In the middle of December 1999 it started raining in the Cordillera de la Costa mountains to the south of the weekend getaway towns of Los Corales and Caraballeda, which are on the coast north of the city of Caracas. It's estimated that over four meters of rain fell in a couple of days. This triggered a series of mud and land slides that claimed the lives of anywhere from 10,000 to 50,000 people in the narrow strip of land between the mountains and the Caribbean Sea. No one knows for sure how many people were killed. Over 150,000 people were left homeless after the floods in the states of Vargas and Miranda, which make up the coastal region and the Caracas Valley.

The picture below was taken a few days after the largest of the catastrophes. There were buildings in all of the areas that appear flat in the picture. All of the houses that were in and around the flat areas were buried up to their second stories with mud and debris. In addition to all of the buildings that were destroyed on the ground in the flat areas, there were untold thousands of houses built on the steep sides of the mountains up and down the coast. The poor people have no where else to live, so they construct houses of cement and blocks on any piece of land they can find, and as quickly and cheaply as possible. The area of the mountain in the upper right hand corner of the picture, behind the large white apartment building, was probably covered with houses before the slides occurred. Either some of them remain in this picture, or the remains of some of them are still visible near the base of the mountain.

Photo by ?

The two pictures below are of the Rio Julian which is the main river coming out of the mountains in the picture above. The first picture is a shot of where the debris came down out of the mountains. The second is in the direction of the sea. It's estimated that the wall of water, mud, rocks and large trees came down out of the mountains at a speed of 60 kilometers per hour. The river bed obviously wasn't able to contain everything. Where I'm standing is very near the top of the mud covered area in the picture above.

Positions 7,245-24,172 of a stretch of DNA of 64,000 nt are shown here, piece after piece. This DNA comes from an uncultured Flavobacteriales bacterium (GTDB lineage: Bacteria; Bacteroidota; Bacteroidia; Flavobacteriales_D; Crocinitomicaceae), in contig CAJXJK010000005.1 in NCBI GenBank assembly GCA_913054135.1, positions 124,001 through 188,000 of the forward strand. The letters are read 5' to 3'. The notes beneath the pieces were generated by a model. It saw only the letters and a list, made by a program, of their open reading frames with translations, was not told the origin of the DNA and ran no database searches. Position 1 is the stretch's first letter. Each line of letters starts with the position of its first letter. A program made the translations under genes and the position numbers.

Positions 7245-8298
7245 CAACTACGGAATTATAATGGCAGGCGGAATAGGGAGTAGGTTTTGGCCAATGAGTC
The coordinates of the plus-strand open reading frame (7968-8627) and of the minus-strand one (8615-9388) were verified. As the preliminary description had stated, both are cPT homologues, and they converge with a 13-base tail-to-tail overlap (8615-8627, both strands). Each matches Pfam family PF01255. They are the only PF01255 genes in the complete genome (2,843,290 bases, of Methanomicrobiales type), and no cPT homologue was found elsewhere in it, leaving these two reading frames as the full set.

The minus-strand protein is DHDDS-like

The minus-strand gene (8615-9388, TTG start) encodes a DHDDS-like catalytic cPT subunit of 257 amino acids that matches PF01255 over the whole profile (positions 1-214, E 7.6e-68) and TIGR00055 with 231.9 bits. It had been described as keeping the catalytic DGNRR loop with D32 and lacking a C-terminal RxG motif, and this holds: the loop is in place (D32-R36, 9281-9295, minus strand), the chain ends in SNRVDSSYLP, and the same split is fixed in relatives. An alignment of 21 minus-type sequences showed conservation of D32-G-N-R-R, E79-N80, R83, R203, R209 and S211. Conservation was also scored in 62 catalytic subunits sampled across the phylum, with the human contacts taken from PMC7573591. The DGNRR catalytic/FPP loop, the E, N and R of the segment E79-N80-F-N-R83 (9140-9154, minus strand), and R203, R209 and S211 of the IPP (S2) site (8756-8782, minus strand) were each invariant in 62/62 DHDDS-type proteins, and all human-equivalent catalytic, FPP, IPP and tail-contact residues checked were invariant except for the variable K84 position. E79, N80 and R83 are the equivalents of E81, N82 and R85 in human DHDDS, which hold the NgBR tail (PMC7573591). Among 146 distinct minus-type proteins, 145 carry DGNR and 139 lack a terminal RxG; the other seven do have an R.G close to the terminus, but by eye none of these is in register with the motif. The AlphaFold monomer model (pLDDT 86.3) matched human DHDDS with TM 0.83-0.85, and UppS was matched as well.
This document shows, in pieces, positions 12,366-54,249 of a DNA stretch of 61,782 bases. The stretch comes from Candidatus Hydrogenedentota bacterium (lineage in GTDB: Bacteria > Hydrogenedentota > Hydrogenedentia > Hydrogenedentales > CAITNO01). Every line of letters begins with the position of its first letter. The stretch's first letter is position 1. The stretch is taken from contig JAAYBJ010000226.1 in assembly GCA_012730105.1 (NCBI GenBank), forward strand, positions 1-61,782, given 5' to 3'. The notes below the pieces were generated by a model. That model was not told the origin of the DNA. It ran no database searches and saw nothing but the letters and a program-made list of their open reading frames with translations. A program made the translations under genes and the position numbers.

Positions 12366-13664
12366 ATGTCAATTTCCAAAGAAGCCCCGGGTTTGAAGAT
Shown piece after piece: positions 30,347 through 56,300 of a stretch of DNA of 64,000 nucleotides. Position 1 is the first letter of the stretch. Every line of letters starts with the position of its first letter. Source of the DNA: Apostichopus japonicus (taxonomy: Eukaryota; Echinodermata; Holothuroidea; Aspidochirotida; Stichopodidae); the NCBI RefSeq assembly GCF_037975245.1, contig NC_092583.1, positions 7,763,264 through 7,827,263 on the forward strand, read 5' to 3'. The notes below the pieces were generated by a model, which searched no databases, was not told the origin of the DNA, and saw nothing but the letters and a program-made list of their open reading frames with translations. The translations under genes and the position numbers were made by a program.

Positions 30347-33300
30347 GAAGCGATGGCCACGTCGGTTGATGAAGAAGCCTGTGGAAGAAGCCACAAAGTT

This picture below is a bit misleading. Aside from looking a bit barren the picture makes the place look reasonably normal. This picture was taken a year and a half after the event, and after millions and millions of cubic meters of mud and debris had been removed. Everything in the area of the picture below was probably under five to ten meters of mud after the slide.

Just mud would have been one thing, but it wasn't just mud that came flying out of the mountains. The rock in the picture below was about as big as a truck, and there were plenty of them washed downstream in addition to trees up to half a meter in diameter.

Below is a now abandoned apartment building that was on the edge of the mud flow. I believe it is the smallish white building, to the left of the large white building, that you come to as you follow the right side of the mud flow area down from the mountains in the first picture above.

Below is a picture of what was the Vista Mar apartment building. The first floor has been buried. The brown structure on the ground is the roof of the entry. The Vista Mar is the brown and white building just up from the center of the picture at the top of the page.

Photo by ?

The picture below shows how deep the mud was in this area. This house was a little more than half way between the mountains and the bottom of the aerial picture at the top of this page. All of the missing mud and rock was removed from the area.

The buildings below were almost at the beach. The first floor rooms were filled with mud as well as a meter or so of the second floor rooms.

Below we can again see how deep the mud was, and how much of it had to be removed. These houses were just south of the coastal highway and again pretty close to the beach.

Whole neighborhoods were just wiped off the map only to be replaced by dirt and boulders. Some houses were left, but others were just removed with the rest of the rubble. The physical destruction was one thing, but there was a massive amount of looting that took place in the area for months afterwards. A fair percentage of the houses that could be repaired have been reclaimed by their owners, but many houses have been left just standing vacant, usually full of mud. It's probably because the owners were killed in the floods.

What do you do with all of that dirt? All of the mud and rock that was removed from the inland areas was used to basically create new beach front property. For about three to four kilometers the land was extended out about 100 to 200 meters beyond the end of the beach that existed before the slide, and it wasn't flat, either. Sometimes the dirt and rocks were piled up to large mesas about ten meters above the sea.

Our propose for being here was to survey the positions for a couple of shot points where explosives would be set in holes that were drilled for use during the Caracas Long Profile deployment. One shot point was almost in the sea on the newly created land, and the other was where I was standing when I took the two pictures of the river at the top of the page.

Additional pictures from the Los Corales/Caraballeda and the surrounding area can be seen here .